What if kids listened to lectures on their own time, and spent class time in guided practice instead? (Dan Pink’s blog this week calls it “flipping homework.”)
That’s the technique used by many pioneering teachers, including Karl Fisch, a Colorado high school math teacher and blogger. He makes YouTube videos to explain key concepts and procedures to his algebra students—who view them after hours.
During class, students actively work on solving problems, collaborating in various ways as they try out the concepts for themselves.
Meanwhile, the teacher has the time to watch, assess, and coach kids as they puzzle through the problems in the moment. He can offer just the help that each needs in the moment, stretching their learning to the next step.
That approach makes sense for any subject (math, science, foreign languages, etc.) where a teacher wants to introduce background knowledge via direct instruction or sustained silent reading. Delivered during traditional “homework time,” that information has a chance to come alive the next day — and “stick” as kids make it their own in the messy, generative ways that deliberate practice demands.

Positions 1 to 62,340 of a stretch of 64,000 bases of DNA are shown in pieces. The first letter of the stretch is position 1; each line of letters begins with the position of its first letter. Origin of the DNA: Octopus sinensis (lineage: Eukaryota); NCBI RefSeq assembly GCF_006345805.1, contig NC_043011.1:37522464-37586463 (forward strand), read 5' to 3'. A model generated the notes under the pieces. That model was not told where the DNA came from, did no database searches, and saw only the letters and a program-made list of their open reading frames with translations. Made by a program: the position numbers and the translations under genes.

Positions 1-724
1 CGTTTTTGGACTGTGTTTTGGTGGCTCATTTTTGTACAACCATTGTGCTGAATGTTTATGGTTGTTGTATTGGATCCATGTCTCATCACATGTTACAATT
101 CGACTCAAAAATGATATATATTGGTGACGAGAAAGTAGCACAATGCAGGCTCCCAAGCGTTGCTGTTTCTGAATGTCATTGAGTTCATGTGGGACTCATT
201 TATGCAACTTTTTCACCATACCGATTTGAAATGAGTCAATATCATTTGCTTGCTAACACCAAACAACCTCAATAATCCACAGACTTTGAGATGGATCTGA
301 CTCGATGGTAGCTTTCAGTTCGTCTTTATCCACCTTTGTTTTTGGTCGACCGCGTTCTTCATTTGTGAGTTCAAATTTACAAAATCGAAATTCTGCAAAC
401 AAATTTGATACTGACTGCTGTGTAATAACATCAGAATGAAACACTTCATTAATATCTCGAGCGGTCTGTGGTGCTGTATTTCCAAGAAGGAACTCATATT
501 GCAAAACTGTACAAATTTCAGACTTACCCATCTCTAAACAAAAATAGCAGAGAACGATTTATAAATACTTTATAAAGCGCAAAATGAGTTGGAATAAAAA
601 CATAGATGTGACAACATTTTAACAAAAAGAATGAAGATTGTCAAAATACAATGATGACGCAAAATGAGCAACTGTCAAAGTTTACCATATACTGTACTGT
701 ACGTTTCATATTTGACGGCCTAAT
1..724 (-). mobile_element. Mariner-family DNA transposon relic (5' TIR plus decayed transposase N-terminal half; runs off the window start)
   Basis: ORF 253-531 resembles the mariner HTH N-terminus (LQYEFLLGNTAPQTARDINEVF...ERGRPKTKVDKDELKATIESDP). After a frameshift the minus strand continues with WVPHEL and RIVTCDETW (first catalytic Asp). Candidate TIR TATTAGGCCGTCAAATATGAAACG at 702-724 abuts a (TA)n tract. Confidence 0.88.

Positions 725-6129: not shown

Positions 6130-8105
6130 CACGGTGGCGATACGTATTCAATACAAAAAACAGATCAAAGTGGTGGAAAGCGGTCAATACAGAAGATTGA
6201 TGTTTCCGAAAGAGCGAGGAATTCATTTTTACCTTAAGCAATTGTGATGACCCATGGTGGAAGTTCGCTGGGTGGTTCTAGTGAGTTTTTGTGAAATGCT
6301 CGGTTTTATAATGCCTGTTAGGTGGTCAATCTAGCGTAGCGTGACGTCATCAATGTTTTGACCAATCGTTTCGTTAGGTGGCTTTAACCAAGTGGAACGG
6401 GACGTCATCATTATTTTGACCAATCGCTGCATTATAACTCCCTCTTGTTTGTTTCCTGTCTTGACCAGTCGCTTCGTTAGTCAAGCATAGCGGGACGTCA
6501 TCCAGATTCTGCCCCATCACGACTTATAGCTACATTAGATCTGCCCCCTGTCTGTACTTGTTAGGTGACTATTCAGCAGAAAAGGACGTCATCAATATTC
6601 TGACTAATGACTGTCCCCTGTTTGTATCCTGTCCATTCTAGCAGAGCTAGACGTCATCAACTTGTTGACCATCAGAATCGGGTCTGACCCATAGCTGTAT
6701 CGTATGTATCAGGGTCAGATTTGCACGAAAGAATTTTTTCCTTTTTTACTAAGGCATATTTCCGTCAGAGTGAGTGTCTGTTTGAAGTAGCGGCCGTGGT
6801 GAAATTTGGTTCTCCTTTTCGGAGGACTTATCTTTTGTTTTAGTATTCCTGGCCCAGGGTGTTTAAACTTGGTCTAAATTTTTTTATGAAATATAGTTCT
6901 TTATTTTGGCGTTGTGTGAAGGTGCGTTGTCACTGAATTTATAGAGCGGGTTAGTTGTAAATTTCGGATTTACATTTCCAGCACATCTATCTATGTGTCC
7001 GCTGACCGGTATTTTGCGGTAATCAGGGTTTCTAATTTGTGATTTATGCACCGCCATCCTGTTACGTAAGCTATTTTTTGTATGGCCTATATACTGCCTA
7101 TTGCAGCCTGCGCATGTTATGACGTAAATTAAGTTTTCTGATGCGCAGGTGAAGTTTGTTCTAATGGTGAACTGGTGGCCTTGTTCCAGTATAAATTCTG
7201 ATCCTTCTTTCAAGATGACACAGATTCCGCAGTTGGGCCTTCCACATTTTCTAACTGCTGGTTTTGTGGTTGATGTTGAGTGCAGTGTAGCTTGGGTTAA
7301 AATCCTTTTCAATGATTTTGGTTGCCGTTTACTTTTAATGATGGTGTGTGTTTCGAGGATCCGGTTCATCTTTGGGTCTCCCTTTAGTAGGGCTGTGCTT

Just today, Fisch’s students conducted a Skype interview with a geothermal engineer from the National Renewable Energy Lab — but as homework beforehand, they prepped for their interview by reading a package of background information. (Find out more here.)
Have you tried a strategy like this in your classroom? Do you have other ways you’re accomplishing the same goal? I’ll send you a complimentary copy of Fires in the Mind if yours is among the best examples I receive.